Retro Games still have appeal:
Recently, I began thinking back to some of the games I enjoyed playing as a kid, before the advent of video games (yes, even before Atari and Pong, Pac-Man and Donkey Kong — am I dating myself?). One game that my neighborhood friend owned which we loved playing together was table hockey (a.k.a., rod hockey). I went on-line to see if it was still made and to my delight, it still is. In fact, you can find a number of companies that make this game: costs range from around $40 to $150 for the non-industrial versions of the game, though you tend to get what you pay for in terms of sturdiness, workmanship and playability. I splurged and got one of the more expensive sets, and I couldn’t be happier. I’ve had many hours of fun playing with both my 8 and 17 year old sons and my 12 year old daughter. We’ve collected our favorite teams and have tournaments. Who would’ve thought that a toy from my childhood would be popular with today’s youth? Again, it’s all about engaging your children — they will get so much more out of an activity like this than sitting in front of television or playing video games on their own. Check out my review of available table hockey products on the market to see which one may be best for you and your children.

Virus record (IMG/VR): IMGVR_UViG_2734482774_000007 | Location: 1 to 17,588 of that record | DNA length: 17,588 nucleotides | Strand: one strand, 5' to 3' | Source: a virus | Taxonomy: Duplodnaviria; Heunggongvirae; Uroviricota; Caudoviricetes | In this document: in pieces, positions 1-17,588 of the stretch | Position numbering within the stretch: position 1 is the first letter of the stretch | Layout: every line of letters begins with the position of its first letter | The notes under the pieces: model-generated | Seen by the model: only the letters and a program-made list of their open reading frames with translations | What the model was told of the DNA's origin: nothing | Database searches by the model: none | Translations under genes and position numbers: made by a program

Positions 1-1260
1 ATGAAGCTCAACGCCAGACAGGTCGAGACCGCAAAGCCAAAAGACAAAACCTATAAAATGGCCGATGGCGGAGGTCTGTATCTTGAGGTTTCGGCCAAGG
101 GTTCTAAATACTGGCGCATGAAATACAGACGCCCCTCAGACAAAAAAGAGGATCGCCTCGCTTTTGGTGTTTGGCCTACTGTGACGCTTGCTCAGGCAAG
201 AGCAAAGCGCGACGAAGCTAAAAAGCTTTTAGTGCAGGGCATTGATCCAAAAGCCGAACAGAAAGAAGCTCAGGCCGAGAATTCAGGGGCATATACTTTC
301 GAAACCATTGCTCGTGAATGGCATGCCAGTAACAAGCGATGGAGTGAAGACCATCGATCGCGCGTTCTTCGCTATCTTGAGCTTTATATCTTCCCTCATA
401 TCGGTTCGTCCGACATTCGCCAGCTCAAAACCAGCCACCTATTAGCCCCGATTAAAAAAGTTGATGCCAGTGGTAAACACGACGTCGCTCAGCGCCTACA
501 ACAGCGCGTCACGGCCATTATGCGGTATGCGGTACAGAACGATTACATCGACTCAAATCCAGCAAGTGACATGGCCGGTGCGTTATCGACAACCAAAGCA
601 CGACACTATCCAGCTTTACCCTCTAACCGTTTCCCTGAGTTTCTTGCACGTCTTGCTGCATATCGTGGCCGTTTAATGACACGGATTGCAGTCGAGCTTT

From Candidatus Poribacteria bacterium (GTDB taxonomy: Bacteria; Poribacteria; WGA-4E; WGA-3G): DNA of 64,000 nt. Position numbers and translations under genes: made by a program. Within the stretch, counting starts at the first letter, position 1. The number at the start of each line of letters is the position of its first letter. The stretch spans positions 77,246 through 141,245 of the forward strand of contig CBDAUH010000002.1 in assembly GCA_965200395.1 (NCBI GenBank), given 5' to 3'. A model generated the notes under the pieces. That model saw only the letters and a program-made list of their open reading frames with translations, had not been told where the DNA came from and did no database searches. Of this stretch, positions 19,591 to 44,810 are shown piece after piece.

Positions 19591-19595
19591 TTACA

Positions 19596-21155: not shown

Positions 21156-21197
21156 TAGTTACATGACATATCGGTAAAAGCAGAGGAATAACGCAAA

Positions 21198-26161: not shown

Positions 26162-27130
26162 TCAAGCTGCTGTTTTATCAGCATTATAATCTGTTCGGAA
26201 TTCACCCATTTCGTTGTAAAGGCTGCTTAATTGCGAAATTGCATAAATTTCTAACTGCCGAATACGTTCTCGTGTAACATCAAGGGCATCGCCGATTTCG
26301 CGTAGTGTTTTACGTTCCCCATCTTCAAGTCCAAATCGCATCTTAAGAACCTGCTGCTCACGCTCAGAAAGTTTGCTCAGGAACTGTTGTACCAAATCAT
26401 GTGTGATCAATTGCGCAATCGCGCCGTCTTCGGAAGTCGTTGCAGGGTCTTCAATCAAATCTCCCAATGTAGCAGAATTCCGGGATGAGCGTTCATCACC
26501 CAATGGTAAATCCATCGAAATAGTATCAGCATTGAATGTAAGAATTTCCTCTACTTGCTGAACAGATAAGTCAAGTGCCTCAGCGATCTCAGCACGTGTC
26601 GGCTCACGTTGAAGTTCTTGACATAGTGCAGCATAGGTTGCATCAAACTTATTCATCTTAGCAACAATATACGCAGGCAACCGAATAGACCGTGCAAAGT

Plenty of patience and praise…
Initially, my 8 year old was a bit overwhelmed trying to control all six players on his team, so I had him man the goalie on my team, while we played against his older siblings. I lavished plenty of praise on him for every shot that he blocked and made sure that he felt like an important part of the action. Soon, he wanted to try it on his own and before long he was a real contender!
Just one suggestion…
Of course, you may never have been into table hockey, but the point of this blog is to think of what you enjoyed doing as a child and then introduce your children to it. This serves dual purposes: you get to relive a part of your youth while connecting with your kids and helping them understand some of the simpler pleasures of the “good old days”.
Keep engaging your kids! They need and want your attention. Be deliberate, be purposeful and make it a priority!
Till next time, keep building great memories with your kids,